So, what does this all tell us? What it tells me is that Jannik should more or less be coming of age, right now. At 21 years old he is currently the average age of a first-time grand slam champion that goes on to win 2+ slams over their career and the data tells us that as you get older, it only gets harder to win your first grand slam, and subsequent slams after that. Jannik will have two more opportunities to win grand slams as a 21-year-old before turning 22 right ahead of this year’s US Open. If he has plans of joining Carlos’ hunt to join the 6+ Club, the data would tell us one of these next 3 slams would be great for him to win.


Now it’s important to note that data is just that, data. The numbers above do not equal hard and fast rules and there are always outliers that defy the data. As mentioned above, Ivan Lendl was 2+ years older than anyone else in the 6+ Club when he won his first slam. Stan Wawrinka won 3 grand slams over the course of his career, yet his first one didn’t come until he was 28. (Side note: only 3 men in the open era have won 3+ slams after winning their first at 25+ years of age - Arthur Ashe, Andy Murray and Stan).



One of the great things about sports is that athletes are always redefining what is possible. I would love to see Jannik Sinner elevate his game, join the 6+ Club alongside Carlos Alcaraz and continue to develop a rivalry that ultimately goes down as one of the all-time greats. But what if he doesn’t? Someone else surely will. Maybe it will be Holger Rune, or maybe it will be some 15-year-old not yet on our radar. Heck, maybe someone currently on our radars will rewrite all of the rules and go on to win 10+ grand slams after winning their first at 25 years or older.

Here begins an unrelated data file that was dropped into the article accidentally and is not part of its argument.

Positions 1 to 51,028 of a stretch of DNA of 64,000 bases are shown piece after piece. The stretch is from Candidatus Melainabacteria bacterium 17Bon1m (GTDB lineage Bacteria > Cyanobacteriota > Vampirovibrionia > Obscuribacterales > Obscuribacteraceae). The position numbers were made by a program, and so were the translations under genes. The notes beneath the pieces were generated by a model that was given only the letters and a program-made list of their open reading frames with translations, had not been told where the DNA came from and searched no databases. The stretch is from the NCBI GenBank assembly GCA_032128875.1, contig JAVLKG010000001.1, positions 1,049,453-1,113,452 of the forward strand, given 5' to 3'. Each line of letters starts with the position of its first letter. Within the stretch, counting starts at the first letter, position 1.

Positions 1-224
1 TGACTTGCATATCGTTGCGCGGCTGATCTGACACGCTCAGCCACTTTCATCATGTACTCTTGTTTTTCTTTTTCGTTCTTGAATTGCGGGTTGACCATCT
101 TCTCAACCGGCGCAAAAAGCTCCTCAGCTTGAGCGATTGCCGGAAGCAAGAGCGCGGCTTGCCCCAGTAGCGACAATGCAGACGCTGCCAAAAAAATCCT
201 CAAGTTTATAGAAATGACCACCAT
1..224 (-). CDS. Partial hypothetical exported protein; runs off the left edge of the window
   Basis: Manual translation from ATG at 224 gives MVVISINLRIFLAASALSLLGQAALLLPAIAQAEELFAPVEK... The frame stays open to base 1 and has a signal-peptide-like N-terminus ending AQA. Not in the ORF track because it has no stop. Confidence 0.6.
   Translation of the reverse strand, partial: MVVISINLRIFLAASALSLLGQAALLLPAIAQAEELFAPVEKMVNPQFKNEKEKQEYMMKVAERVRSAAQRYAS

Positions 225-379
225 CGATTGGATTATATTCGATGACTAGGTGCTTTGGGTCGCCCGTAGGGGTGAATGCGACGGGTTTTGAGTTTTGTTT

In the end, I can’t help but view this as an incredibly exciting time for the sport of tennis. While I will always love the Big 3 and what they did, and continue to do for the sport, it’s finally time for a new generation of tennis players to come of age and join the halls of the all-time greats.


Current ages of the maiden-slam contenders


With all of the information above, I thought it’d be interesting to look at the ages of the current crop of slamless ATP players who are most often involved in discussions to win upcoming grand slams and compare their current ages to the data above: (as of May 2023)


· Jannik Sinner - 21 years old (August)

· Stefanos Tisitsipas - 24 years old (August)

· Casper Ruud - 24 years old (December)

· Andrey Rublev - 25 years old (October)

· Holger Rune - 20 years old (April)

· Felix Auger-Aliassime - 22 years old (August)

· Alexander Zverev - 26 years old (April)

· Nick Kyrgios - 28 years old (April)